ERIC Number: ED237438
Record Type: RIE
Publication Date: 1983
Reference Count: 0
Is a Concept a Class of Particulars Having Attributes in Common or Not?
Fraenkel, Jack R.
This paper critiques Aumaugher's argument which states that the traditional view of concepts as a class of things with common attributes is an insufficient one, and, instead, offers a counterview, stemming from the work of Wittgenstein, which says that a concept is a term's use in the language. Aumaugher states that concept-terms are not always, if ever, used to refer to a set of cases having a feature in common. But this is somewhat misleading, because there are many concepts which are classificatory in nature. Examples include tourist, cat, tax, and game. Aumaugher then goes on to say that Wittgenstein's work suggests that if we wish to teach a concept, we should not set out to look for a feature or set of features that is common to the concepts, but, instead, should examine examples of the concept (games, for example) and look for a network of overall similarities. While there is nothing wrong or harmful in using Aumaugher's teaching approach, it may leave students without a basic reference point to use when trying to identify concepts. Furthermore, there are many concepts which do not lend themselves to being defined through the identification of attributes-in-common. (RM)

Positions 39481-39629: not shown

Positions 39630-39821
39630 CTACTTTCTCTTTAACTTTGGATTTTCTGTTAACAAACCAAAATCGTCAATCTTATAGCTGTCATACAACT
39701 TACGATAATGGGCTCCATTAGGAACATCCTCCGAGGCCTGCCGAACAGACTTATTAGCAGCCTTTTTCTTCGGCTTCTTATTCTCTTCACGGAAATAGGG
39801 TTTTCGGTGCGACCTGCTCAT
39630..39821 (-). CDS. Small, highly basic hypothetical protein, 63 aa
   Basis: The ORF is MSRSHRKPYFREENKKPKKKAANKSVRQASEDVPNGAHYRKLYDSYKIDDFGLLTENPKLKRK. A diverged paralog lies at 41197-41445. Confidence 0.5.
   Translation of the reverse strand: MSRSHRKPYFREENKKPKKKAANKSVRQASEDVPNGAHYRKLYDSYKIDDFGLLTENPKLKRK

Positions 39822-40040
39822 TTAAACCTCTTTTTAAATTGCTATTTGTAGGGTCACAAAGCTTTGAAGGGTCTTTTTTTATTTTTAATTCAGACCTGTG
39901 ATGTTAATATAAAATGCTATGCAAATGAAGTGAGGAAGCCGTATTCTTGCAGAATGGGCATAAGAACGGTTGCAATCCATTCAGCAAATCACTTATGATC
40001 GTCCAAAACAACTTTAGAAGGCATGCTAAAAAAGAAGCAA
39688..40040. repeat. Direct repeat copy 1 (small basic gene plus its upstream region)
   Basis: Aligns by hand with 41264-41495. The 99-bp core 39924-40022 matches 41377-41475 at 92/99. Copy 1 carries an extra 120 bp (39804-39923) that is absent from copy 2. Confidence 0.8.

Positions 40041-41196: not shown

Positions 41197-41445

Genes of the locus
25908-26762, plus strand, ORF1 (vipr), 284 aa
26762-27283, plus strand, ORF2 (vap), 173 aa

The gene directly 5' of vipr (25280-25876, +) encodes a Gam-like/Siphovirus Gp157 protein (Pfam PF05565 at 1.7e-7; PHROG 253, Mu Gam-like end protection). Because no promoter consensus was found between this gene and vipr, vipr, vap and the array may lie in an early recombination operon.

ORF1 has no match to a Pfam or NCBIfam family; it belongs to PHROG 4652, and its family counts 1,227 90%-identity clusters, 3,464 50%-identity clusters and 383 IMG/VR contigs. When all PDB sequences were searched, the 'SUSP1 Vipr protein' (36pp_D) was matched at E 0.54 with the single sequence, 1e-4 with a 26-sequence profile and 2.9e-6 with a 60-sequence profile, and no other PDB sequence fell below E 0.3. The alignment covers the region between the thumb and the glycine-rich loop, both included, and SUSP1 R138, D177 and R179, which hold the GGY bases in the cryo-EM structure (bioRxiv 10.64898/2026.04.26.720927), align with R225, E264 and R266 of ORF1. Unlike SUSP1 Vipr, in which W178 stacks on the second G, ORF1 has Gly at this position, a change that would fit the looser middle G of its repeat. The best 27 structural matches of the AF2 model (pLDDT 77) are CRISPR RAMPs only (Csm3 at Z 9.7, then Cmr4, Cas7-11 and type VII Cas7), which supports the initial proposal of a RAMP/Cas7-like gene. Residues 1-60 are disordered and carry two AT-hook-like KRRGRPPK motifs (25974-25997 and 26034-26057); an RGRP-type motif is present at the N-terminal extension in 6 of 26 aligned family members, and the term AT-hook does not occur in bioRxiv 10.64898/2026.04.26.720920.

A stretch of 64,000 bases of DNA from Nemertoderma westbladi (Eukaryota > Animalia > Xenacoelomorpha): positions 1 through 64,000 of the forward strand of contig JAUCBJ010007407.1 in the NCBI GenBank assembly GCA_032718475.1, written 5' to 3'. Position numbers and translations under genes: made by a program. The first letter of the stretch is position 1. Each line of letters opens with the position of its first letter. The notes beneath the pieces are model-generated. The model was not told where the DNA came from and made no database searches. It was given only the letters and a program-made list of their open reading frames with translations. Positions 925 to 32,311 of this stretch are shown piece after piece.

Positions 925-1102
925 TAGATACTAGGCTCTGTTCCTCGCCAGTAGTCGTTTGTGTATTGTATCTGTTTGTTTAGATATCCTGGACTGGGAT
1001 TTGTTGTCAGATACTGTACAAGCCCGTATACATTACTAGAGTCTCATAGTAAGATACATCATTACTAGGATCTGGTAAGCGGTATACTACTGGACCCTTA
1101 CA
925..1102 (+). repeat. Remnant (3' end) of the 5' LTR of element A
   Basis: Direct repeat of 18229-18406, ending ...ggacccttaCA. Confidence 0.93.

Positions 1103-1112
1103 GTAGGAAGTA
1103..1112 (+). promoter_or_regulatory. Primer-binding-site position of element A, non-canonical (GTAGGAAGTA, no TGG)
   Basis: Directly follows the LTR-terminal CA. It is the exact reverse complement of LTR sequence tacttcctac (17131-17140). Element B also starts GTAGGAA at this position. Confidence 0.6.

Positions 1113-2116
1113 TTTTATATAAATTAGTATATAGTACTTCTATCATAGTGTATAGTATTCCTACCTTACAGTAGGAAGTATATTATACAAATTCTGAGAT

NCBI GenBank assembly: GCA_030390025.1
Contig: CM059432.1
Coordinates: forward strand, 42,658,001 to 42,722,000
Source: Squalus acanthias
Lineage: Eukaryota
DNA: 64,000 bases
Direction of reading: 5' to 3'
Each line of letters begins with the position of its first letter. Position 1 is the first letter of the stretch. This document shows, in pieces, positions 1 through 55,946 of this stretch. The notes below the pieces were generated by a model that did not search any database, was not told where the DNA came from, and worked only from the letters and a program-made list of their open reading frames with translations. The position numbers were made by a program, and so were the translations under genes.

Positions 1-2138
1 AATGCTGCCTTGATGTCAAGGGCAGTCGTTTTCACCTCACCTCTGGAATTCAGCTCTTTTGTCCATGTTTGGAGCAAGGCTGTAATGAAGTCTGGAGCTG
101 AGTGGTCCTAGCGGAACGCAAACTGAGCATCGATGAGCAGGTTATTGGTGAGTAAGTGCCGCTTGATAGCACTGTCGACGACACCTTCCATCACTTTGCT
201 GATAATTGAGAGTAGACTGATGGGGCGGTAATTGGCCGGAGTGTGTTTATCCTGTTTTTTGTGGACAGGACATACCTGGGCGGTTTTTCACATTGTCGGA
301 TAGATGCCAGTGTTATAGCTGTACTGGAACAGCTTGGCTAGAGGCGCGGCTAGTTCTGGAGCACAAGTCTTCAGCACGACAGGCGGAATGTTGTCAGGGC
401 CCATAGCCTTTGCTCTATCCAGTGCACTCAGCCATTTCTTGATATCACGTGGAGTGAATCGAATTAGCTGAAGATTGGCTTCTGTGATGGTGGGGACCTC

Publication Type: Information Analyses; Speeches/Meeting Papers
Education Level: N/A
Authoring Institution: N/A
Identifiers: Wittgenstein (Ludwig)
Note: CUFA Presentation to the National Council for the Social Studies (San Francisco, CA, November, 1983).